For decades pastoral communities of Tanzania have been forced to leave their ancestral lands to make way for other land uses, including large-scale crop cultivation, creation of Wildlife Protected Areas such as Game Reserves and the expansion of National Parks, mining, construction of military barracks, as well as sports hunting.

In North-East Uganda, the Karamojong pastoralist people, like most pastoralists and other Indigenous Peoples, prefer to regulate and govern themselves. Not able to tolerate diversity, the State is uncomfortable with this, and has been actively involved in asserting control over them.

Utilizing the post 9/11 international fear of terrorism, the Ugandan government has been supported by the international community for years in brutally forcing the Karamojong to disarm their guns collected mainly for protection from cattle rustling. As one Karamojong informed a BBC reporter, “We wanted to protect ourselves because no government security agency has ever provided security for us and our cows.”

The media has played a crucial role in advancing negative ideas about pastoralists, influencing the public’s opinion as well as policy development. A recent study by the International Institute for Environment and Development has found that most stories featuring pastoralists in Kenya are considered ‘bad news’ stories, 93% analyzed in the study featured conflict, drought and poverty. The voices of pastoralists in stories that feature pastoralism in Kenya are included in only about 41%, less than half the time. Focusing on the negative stereotypes, media portrayals of pastoralism do not take into account the economic value and environmental benefits of pastoralism.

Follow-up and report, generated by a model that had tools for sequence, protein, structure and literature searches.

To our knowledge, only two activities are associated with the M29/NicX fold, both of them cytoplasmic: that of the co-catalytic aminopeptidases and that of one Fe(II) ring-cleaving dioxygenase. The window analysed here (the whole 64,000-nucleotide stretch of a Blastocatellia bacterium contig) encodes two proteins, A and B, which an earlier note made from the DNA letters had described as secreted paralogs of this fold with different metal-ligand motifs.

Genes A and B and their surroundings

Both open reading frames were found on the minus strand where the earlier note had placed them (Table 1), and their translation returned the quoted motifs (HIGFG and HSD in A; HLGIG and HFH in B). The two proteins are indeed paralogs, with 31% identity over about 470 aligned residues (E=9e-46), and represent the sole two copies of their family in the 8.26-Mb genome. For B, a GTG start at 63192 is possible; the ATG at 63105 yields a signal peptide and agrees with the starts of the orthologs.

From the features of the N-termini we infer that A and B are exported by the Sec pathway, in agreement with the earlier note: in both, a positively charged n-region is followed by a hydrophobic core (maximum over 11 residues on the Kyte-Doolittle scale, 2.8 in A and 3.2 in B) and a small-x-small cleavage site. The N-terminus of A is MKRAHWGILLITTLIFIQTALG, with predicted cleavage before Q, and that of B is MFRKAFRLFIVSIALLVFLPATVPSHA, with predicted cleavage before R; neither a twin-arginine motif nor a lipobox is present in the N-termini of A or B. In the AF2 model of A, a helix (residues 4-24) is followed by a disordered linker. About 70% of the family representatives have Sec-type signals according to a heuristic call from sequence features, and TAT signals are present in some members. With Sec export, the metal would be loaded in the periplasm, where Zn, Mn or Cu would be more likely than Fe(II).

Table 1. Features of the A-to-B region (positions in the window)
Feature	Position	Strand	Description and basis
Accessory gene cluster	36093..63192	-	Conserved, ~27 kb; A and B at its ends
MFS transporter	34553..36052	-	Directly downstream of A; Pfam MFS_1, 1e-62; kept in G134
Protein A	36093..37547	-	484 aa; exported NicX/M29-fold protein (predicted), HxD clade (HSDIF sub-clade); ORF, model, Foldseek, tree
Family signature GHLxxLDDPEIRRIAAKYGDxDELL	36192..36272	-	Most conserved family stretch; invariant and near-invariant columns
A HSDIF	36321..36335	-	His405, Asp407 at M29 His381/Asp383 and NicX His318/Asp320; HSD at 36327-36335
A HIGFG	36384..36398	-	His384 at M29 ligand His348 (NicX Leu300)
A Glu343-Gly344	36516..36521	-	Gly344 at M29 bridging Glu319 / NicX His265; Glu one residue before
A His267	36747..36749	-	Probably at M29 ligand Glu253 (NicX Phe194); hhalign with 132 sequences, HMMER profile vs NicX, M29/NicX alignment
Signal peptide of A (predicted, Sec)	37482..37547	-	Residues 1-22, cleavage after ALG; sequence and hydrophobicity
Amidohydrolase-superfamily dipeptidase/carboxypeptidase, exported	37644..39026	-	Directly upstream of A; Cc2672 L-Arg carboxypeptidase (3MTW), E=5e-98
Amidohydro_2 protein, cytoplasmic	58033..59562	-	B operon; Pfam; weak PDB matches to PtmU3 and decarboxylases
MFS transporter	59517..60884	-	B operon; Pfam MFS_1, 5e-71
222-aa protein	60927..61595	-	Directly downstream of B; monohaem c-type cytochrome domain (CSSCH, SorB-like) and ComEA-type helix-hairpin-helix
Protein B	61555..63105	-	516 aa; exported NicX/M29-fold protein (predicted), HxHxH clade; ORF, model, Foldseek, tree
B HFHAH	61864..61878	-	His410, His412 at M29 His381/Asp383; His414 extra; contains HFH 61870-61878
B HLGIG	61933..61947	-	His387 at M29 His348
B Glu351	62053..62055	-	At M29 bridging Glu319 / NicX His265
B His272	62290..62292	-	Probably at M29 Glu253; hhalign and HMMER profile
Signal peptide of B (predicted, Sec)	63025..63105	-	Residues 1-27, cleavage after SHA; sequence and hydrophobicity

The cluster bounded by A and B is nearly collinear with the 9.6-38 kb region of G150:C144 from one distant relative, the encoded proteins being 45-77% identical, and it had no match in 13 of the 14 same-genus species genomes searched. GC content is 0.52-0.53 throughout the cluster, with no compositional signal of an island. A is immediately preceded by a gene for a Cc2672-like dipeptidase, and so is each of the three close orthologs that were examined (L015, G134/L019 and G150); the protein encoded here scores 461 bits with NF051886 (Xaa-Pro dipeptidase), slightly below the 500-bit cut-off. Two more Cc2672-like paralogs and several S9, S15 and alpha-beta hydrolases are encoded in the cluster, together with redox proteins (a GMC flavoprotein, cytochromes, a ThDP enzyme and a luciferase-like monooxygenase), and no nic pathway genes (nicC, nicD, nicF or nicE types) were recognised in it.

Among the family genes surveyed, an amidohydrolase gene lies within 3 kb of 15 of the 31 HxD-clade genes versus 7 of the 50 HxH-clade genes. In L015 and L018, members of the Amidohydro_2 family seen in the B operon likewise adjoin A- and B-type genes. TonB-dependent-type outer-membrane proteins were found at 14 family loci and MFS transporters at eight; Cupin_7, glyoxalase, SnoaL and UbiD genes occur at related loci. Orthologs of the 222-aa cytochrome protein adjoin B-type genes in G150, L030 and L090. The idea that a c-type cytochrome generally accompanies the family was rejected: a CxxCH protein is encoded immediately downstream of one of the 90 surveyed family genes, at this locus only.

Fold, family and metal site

Since colonial times, policy makers, media, and the wider society have viewed pastoralists as ‘backward’, ‘uneconomic’, and ‘environmentally destructive’. However, it has been the ill-conceived forced settlement policies that have forced many pastoral communities into poverty, causing conflict and environmental degradation. In the harsh arid and semi-arid lands occupied and used by pastoralists, they actually do prove to be the most cost-effective and climate resilient livelihood system.

In fact, another study from the International Institute for Environment and Development found that in Ethiopia revenues per hectare are higher in areas devoted to pastoral livestock than in areas devoted to either sugar or cotton. The higher revenues of pastoralism are coupled with the avoided environmental costs of damaging soils and creating weed infestations (expensive to rehabilitate) associated with the large-scale irrigation and agricultural schemes being developed in Ethiopia.

Governments have proven unable to understand pastoralism, leading to poor policies that are undermining pastoral livelihood strategies. Pastoralism is a traditional system devoted to the protection of the environment, and growing evidence is showing its necessity. It produces 80% of total annual milk supply in Ethiopia as well as 90% of the meat consumed in East Africa. Without a better understanding of the economic value of pastoralism as well as the environmental benefits herding brings to rangelands, and without equity at the center of policy making, the current and historical discrimination against pastoralism will lead pastoral communities further into poverty and conflict.